Tunisia has become the second state to sign up to the Declaration on Media Freedom in the Arab World, hailed as a “turning point” for press freedom by the International Federation of Journalists.
President Beji Caid Essebsi signed the declaration during a meeting in Tunis today in front of delegates from the IFJ, Tunisian workers’ unions, UNESCO and the Office of the High Commissioner for Human Rights.
The declaration – a clear commitment to the principles of media freedom, independent journalism and the right to information – has already been backed by Palestinian President Mahmoud Abbas.
A national meeting of 150 representatives from media organisations, editors, trade unions, national commissions and institutions and journalists followed the signing.
Monir Zaarour, IFJ coordinator for the Arab World, said: “Today will be remembered as the turning point for media freedom in Tunisia and the Arab World.
“It is a recognition that press freedom and independent journalism is not only a force for public good, it is also a public good itself.
“Signing the declaration today will pave the way for the establishment of a regional mechanism to support media freedom in the Arab world that is truly independent from government control with the declaration at its heart”.
Neji Bghouri, SNJT union president and IFJ executive committee member, said: “This is a historic day for press freedom in Tunis and the region.
“Today we have agreed clear guidelines for reforming the Tunisian media.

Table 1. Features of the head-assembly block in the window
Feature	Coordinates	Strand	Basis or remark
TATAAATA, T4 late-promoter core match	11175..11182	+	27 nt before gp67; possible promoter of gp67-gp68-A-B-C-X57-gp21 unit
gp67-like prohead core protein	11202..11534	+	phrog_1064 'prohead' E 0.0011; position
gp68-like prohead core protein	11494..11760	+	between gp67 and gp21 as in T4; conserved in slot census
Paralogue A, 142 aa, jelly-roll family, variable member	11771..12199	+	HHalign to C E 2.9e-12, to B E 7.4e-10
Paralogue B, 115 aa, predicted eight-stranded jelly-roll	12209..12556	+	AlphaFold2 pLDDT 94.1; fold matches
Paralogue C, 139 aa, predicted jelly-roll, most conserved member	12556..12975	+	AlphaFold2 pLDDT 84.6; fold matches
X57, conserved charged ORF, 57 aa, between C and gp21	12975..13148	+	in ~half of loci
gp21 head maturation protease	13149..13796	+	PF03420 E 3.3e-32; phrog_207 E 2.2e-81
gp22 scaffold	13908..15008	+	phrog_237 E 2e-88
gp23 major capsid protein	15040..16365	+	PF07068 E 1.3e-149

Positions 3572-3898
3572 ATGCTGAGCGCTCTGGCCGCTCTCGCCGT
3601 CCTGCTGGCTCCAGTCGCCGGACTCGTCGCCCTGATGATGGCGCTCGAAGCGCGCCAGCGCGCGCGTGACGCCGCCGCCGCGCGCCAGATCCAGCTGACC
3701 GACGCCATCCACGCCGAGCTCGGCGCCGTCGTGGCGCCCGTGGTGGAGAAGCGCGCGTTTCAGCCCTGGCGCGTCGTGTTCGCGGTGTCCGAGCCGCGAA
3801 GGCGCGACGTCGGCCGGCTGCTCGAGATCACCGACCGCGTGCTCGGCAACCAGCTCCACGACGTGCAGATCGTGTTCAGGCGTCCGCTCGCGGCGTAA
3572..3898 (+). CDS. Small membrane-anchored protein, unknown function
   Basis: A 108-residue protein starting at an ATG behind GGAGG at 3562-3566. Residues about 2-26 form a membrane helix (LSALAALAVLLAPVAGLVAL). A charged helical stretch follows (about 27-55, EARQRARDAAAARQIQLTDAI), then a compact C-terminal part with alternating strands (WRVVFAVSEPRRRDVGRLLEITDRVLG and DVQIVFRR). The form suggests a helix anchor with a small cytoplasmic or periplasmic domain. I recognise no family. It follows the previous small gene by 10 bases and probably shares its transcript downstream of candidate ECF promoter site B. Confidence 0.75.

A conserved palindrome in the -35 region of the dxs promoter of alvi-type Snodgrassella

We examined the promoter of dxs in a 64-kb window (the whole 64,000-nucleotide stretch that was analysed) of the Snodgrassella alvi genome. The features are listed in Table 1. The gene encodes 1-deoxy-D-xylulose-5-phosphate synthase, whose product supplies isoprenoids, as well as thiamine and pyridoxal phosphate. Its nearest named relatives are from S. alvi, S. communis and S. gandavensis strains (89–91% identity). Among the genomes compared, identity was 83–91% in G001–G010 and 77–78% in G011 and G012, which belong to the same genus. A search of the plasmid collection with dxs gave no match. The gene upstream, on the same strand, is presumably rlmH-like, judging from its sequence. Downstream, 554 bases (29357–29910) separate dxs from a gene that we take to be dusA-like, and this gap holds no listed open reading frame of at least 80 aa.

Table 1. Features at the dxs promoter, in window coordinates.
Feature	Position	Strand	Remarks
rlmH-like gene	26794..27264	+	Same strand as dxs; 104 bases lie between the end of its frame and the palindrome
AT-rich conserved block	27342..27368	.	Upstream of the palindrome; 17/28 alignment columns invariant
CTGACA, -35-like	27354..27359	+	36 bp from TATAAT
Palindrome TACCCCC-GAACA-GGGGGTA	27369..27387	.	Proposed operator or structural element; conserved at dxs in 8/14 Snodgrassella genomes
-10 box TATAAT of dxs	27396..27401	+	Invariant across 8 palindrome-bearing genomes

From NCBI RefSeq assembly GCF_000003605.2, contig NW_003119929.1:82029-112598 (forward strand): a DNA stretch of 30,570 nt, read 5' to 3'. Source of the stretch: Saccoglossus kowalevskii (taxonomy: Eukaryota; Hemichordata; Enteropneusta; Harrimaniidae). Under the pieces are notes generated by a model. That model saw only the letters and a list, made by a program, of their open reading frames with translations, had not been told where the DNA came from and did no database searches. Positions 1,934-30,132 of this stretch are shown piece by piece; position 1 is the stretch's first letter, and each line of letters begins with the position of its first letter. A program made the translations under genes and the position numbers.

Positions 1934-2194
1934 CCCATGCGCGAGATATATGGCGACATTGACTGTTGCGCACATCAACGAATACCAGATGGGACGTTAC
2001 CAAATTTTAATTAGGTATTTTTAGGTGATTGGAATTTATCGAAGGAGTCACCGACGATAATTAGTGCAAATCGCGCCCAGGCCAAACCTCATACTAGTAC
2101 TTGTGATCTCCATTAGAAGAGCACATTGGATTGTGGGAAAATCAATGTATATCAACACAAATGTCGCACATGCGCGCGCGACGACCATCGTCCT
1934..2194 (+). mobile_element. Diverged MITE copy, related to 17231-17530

“It will serve as a guide to the government due to be sworn in today and the parliament when they start the process of passing the media legislation, especially reforming public service media and the law on the higher independent commission of the regulation of the audio visual sector”.
The declaration was adopted at a meeting hosted by the IFJ and the Moroccan journalists union (SNPM) in Casablanca in May 2016.
The IFJ says it is the first step to establishing a Special Mechanism for Media Freedom in the region to uphold the principles contained in the declaration.
The declaration is the culmination of a 20-month process of consultation with technical experts and media stakeholders and is supported by hundreds of journalists unions, broadcasters, human rights organisations and press freedom groups, according to the IFJ.
It sets out 16 key principles, among them: freedom of expression, freedom of information, journalists’ safety, media law reform, self-regulation, equality and the independence of public service broadcasters.
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